In addition to efforts to enhance aggression minimisation and de-escalation, we need to examine and apply preventative corrections to societal factors that contribute to violence in health care in the first place, which encompass increasing self-absorption and self-entitlement. We need to recognise the detrimental effects of aggression on staff well-being, safety, work satisfaction and staff retention. By making medicine a violence-prone vocation, patients could well be driving away ethical and competent doctors, who remain in the majority.
Joseph Ting, clinical senior lecturer, division of anaesthesiology and critical care, University of Queensland Medical School, Brisbane, Australia
Hongkongers must act to ease tension
A mainland child answering the call of nature on a Hong Kong street has sparked controversy recently. Disputes between mainlanders and Hongkongers are on the rise and the government should take measures to deal with the problem.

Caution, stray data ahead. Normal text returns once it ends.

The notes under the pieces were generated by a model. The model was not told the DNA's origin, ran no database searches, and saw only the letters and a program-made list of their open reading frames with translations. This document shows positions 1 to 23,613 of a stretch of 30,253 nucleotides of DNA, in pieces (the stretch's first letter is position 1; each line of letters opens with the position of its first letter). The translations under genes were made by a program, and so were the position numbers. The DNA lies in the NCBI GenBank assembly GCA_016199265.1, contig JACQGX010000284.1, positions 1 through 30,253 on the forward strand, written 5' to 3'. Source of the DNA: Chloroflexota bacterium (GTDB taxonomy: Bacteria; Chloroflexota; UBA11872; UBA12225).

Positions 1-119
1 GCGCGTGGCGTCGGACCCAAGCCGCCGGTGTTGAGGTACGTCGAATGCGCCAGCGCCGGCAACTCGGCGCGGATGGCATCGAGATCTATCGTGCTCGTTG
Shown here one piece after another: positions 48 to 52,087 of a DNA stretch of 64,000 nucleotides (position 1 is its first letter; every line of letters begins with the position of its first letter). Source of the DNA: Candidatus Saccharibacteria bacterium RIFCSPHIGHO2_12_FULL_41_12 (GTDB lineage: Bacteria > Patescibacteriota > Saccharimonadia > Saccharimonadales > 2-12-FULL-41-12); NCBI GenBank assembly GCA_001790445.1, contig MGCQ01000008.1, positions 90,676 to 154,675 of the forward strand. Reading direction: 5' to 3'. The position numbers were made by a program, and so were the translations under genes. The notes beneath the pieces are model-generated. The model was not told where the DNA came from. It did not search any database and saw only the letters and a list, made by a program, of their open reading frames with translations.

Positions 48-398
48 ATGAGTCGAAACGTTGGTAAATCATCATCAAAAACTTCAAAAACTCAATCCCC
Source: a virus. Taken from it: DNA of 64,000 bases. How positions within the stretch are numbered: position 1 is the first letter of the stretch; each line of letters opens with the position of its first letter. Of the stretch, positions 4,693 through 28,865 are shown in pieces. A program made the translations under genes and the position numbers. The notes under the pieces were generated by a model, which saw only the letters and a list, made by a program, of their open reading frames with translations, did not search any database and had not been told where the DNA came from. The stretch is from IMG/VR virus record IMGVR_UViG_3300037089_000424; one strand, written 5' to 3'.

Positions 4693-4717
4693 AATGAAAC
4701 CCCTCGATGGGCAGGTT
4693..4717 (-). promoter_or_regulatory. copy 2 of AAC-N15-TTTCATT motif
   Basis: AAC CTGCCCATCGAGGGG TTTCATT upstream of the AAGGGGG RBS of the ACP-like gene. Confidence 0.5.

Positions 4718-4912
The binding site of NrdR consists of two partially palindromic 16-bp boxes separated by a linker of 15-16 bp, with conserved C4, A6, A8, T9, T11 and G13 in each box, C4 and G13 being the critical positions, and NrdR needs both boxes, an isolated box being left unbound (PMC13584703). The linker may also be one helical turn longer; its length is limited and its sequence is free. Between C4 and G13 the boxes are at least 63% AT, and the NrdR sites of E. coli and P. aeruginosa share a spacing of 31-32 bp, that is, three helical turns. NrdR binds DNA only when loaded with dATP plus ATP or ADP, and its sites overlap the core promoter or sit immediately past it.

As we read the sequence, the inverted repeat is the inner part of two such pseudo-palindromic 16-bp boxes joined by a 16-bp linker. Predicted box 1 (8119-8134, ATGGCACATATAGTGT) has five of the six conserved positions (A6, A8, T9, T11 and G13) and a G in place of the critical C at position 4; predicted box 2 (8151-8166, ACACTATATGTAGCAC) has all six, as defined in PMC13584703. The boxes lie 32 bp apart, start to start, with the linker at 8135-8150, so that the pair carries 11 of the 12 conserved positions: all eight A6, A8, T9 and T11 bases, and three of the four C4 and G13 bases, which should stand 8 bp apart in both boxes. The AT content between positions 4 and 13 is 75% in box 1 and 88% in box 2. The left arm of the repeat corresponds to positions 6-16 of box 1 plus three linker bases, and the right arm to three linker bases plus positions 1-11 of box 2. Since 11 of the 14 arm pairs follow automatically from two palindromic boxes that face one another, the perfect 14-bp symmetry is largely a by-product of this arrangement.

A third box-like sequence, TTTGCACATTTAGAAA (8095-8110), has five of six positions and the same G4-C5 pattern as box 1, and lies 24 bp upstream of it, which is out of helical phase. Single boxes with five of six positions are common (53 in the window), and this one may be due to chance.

While Xinhua’s list of dos and don’ts for mainland tourists is a step towards alleviating the tension, Hongkongers must also adopt a harmonious attitude towards mainland visitors. The government should design brochures about ways for us to get along with mainland tourists to help ease conflict and improve our relationship.
Wong Siu-kwan, Sha Tin
Falling visitor numbers do not help city
Starting from May 1, the number of mainland tourists coming to Hong Kong has decreased slightly.
The benefits of this are that it will help to ease both the mounting conflict between Hongkongers and mainlanders and the congestion on the city’s streets. On the other hand, Hong Kong’s economy may be damaged as a result.
In 2013, one third of Hong Kong’s total retail income came from mainlanders. Fewer mainland tourists will mean that the income must be reduced as a result.
In addition, the underlying problem behind the clashes between Hongkongers and mainlanders will not have been resolved. Unless the real reasons are addressed, the problem will just get worse and worse every day.
Angus Lui, Ma On Shan